Lisa held her lip gloss in one hand, cell phone in the other, and sat on her bed cross-legged, looking like she was getting ready for a date. A single strand of small white lights hung delicately just above her bed like pearls against light turquoise walls. In another frame, Craig wore a red sweatshirt and sat on a gray couch. In another, Zach was under his covers at first–I could just see his eyes–but he soon sat up, revealing his Spiderman pajamas. Denise’s bedroom walls were dormered, sloped on the sides, purple, with teal lights flashing in each corner. At one point, she put her face really close to the camera on her laptop. “I was so bored last night,” she confessed to us, “I gave myself bangs.”
It was the second week of e-learning, and I was using Zoom to connect with my high school freshman English students. During the first few minutes on Zoom, I found myself staring at everything around them–what their spaces looked like, how they chose to present themselves during our Zoom session. In theory, of course, who they are at home isn’t really so different from how they show up at school–what they wear, the color of their backpacks, whether they use earbuds or headphones, their glittered or cracked phone cases, the stickers on their school-issued Chromebooks. “Save the Planet,” and “I hate everything,” are a couple I’ve seen, along with an Apple sticker conveniently placed over the word “Acer” to make their Chromebook look like it’s a more expensive Mac. They seemed even more eager to be noticed, though they’d never say so. Zach changed his virtual background twice. Craig looked sheepishly at the screen from under his covers.
I was in my sun room, a pretty south-facing room with three exposures, a space quite typical in brick three-flats in Chicago. Behind my desk is a perch for one of my two cats. I didn’t realize this was visible until one of my students asked, “Is that your cat sleeping up there?” Some of the students said, “Where?” and others pointed, “There!” and then all of a sudden, animals began appearing on students’ laps and we began asking each other the names of our pets. It was endearing to watch my students cuddling with their pets in their beds.
Teachers’ classrooms are our performance space. My classroom has bright turquoise paper covering all the bulletin boards. Near my desk is a large yellow poster with the 1967 slogan made famous by its opposition to the Vietnam War, “War is not healthy for children and other living things.” I’ve placed bright colored paintings and ceramic tiles all over the room to make it brighter. A few months ago, I hung a shoe rack–an improvised cell-phone cubbyhole contraption in the hope students put their phones away during class. It’s been semi-successful at best. Masks students made for extra credit when we read Romeo and Juliet–how odd it feels to write the word “mask” just now–imagining what they might have worn if they had gone to a masked ball, about to meet their beloved, are anchored to the bulletin boards with push-pins.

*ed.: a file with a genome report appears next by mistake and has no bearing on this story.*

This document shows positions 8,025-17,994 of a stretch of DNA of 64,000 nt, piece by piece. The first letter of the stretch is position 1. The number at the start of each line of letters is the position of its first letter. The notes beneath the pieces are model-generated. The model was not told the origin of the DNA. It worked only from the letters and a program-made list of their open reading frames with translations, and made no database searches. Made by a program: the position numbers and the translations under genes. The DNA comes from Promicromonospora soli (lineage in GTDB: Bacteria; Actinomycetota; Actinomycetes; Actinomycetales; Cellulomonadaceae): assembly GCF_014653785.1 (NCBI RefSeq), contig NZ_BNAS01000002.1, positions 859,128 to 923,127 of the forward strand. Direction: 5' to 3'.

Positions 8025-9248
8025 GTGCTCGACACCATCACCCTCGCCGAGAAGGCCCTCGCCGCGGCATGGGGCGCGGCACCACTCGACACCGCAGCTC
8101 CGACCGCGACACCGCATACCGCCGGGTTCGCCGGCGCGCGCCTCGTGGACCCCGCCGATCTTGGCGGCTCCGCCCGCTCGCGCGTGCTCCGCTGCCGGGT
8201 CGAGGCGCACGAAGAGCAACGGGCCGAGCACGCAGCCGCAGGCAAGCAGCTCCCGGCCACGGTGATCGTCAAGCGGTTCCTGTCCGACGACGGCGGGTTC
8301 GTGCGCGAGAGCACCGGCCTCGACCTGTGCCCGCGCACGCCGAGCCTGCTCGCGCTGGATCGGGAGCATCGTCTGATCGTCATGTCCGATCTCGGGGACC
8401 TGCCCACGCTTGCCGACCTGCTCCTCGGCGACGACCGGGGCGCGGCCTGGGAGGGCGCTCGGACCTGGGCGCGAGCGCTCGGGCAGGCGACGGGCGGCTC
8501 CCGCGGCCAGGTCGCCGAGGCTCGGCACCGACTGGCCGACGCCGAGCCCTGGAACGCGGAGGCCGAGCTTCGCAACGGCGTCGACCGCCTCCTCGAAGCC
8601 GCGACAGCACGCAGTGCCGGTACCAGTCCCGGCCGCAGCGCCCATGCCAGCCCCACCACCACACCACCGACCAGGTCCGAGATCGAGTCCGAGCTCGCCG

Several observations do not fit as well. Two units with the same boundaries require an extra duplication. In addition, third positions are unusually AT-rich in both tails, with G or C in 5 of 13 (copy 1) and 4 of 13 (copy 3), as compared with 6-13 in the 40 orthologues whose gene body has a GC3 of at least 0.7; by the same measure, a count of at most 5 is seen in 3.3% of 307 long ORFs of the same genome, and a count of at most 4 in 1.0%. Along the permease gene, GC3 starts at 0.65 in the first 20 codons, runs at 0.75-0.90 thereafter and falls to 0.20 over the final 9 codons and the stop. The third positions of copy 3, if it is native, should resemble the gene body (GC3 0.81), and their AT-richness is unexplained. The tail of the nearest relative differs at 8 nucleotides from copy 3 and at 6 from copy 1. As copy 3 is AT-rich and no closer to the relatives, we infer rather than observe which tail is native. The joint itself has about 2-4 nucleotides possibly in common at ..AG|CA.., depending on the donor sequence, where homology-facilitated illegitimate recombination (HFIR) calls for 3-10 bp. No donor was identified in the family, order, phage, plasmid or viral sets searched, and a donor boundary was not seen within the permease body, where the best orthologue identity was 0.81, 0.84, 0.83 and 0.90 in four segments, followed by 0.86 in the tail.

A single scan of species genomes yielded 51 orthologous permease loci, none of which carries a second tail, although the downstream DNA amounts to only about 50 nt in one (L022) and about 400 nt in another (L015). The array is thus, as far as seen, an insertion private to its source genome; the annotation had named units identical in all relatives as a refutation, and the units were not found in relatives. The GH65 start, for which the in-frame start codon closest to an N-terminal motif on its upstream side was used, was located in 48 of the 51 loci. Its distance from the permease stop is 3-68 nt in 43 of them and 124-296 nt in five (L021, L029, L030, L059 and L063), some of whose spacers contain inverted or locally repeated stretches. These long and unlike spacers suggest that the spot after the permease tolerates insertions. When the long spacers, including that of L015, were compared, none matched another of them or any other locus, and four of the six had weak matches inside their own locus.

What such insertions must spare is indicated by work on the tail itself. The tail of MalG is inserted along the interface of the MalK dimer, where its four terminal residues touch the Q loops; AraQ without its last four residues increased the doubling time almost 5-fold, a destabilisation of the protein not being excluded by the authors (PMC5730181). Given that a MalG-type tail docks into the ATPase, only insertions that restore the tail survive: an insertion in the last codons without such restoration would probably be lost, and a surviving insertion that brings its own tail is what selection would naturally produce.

If you were to remove the roof and a wall on the side of the school, it would look like a giant four-story dollhouse–it is the biggest high school in the country under one roof–and you’d see the little boxes of all the teachers’ classrooms, each longing to self-express. There are 250 or so classrooms in my school, all empty now.
Things became more routine the next time I used Zoom with my students. We used Zoom as a verb. Zach asked Craig, “Did you Zoom yet today?” Denise said, “I didn’t understand the lesson yesterday when my teacher Zoomed with us.” It was warm out the second time we Zoomed–one student sat on top of her house. I could see the patches of black roof behind her, the blue sky above her head, the way she took deep breaths, grateful for the fresh air.
As many have already pointed out, the gallery view function of Zoom looks remarkably similar to the opening credits of The Brady Bunch, the famous sitcom that ran from 1969 to 1974. I was born in 1970 and watched it religiously with my brother and sister. I was jealous of the way the six siblings got along. Conflicts were resolved quickly. Though family meetings in my home didn’t go nearly as well–and were never called meetings–and watching the Brady’s success at conflict resolution gave me hope for my own interpersonal skills that were often mocked by my siblings.
Behind his warm smile and stellar parenting skills, Mr. Brady, America’s perfect heteronormative dad, felt boxed in, too. The actor Robert Reed was in his own box in real life. He kept his being gay a secret, and when he died of colon cancer in 1992, it was revealed that he also suffered from HIV and had kept this a secret, too. He felt that the role of Mr. Brady was beneath him, that the writing was full of gags, and often argued with the show’s creator, Sherwood Schwartz. Reed was trained as a Shakespearean actor, and he found happiness towards the end of his life teaching Shakespeare at UCLA.
I wonder how often my students feel boxed in, how the ways they choose to self-express will change as they age, how we’ll relate to one another the next time we see each other in person next year. They’ll have new teachers–we’ll never be together like we were this year again. Even on Zoom, I can see that they are growing up. And I think about what everyone’s homes would look like, too, if all the roofs and walls came off and could be seen like a dollhouse from high above, each room a little box, some smaller and some bigger and some safer than others, each home another square, every empty school and neighborhood another boxy grid.
–April 13, 2020
Liz Shulman is a writer in Chicago. Her writing has appeared in Tablet Magazine, Punctuate, and Understanding and Dismantling Privilege, among others. She teaches English at Evanston Township High School.